For 150 years, Down's Syndrome has constituted the archetypal mental disability, easily recognisable by distinct facial anomalies and physical stigmata.
In a narrow medical sense, Down's syndrome is a common disorder caused by the presence of all or part of an extra 21st chromosome.
It is named after John Langdon Down, the British asylum medical superintendent who described the syndrome as Mongolism in a series of lectures in 1866.
In 1959, the disorder was identified as a chromosome 21 trisomy by the French paediatrician and geneticist Jerome Lejeune and has since been known as Down's Syndrome (in the English-speaking world) or Trisomy 21 (in many European countries). But children and adults born with this chromosomal abnormality have an important collective history beyond their evident importance to the history of medical science.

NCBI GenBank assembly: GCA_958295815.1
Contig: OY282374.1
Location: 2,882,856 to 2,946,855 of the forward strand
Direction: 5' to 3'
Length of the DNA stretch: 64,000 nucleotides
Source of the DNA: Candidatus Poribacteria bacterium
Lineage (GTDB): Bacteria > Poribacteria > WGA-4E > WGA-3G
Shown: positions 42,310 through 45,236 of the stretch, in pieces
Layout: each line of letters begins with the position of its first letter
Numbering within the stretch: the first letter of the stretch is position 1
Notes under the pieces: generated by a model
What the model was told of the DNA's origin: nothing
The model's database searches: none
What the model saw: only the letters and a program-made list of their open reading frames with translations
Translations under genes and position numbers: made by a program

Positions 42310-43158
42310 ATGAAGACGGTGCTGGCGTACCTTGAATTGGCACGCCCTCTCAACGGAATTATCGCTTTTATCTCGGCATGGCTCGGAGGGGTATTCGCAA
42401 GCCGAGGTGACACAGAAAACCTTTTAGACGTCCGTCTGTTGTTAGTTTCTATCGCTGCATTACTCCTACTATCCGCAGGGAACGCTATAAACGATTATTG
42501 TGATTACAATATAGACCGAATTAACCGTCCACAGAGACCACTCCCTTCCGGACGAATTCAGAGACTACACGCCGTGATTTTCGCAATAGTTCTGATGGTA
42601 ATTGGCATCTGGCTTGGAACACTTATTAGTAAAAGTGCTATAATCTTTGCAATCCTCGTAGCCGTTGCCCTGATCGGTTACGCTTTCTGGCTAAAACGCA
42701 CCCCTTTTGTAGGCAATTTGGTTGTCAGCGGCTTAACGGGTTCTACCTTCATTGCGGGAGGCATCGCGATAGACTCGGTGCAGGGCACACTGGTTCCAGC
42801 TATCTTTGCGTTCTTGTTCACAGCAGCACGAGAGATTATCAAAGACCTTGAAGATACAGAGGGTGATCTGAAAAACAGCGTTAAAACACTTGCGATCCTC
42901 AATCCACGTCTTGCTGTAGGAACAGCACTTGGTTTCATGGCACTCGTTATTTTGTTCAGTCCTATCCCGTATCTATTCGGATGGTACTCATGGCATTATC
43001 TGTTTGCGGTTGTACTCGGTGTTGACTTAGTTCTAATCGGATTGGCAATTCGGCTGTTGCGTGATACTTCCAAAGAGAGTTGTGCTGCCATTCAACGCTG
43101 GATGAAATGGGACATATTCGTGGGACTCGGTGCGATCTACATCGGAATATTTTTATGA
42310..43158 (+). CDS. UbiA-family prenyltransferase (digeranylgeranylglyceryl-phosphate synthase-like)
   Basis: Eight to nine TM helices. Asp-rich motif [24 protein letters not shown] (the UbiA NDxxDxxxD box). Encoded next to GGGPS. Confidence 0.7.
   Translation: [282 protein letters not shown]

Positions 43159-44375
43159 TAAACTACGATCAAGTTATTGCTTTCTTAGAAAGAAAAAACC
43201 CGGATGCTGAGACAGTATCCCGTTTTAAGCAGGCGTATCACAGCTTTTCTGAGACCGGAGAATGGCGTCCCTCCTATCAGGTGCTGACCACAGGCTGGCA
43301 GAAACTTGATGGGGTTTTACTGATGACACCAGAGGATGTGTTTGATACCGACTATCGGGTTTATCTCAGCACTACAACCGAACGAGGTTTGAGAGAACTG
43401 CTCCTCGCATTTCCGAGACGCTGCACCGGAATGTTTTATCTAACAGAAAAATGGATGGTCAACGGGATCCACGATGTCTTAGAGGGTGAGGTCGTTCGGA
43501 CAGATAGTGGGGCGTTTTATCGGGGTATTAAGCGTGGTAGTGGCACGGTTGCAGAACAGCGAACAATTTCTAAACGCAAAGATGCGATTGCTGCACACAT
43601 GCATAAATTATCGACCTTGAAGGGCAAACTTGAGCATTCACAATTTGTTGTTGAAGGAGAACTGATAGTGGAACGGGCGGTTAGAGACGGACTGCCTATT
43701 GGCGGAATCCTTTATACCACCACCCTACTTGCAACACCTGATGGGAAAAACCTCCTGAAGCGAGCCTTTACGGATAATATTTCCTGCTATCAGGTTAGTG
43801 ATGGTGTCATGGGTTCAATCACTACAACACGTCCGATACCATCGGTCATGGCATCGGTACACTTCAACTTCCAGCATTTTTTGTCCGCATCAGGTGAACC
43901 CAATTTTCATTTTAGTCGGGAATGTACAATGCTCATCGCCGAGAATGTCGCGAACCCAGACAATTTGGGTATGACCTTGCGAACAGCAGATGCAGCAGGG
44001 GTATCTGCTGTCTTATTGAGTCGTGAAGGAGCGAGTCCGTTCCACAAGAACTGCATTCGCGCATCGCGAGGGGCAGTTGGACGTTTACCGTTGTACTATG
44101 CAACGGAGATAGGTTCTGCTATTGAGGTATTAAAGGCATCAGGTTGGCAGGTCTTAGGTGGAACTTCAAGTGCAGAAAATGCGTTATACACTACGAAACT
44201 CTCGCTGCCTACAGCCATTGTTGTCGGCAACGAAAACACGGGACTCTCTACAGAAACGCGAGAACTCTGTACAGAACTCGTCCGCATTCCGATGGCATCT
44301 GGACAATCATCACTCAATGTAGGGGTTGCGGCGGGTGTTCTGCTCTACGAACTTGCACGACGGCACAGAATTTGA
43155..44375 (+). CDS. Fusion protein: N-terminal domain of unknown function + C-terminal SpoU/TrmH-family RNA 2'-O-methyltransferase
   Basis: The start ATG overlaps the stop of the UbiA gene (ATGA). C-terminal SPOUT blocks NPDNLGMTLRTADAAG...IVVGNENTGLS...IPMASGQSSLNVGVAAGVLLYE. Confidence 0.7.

David Wright, a Professor in the History of Medicine at McMaster University, looks at the care and treatment of Down's sufferers - described for much of history as 'idiots', - from Medieval Europe to the present day. The discovery of the genetic basis of the condition and the profound changes in attitudes, care, and early identification of Down's in the genetic era, reflects the fascinating medical and social history of the disorder.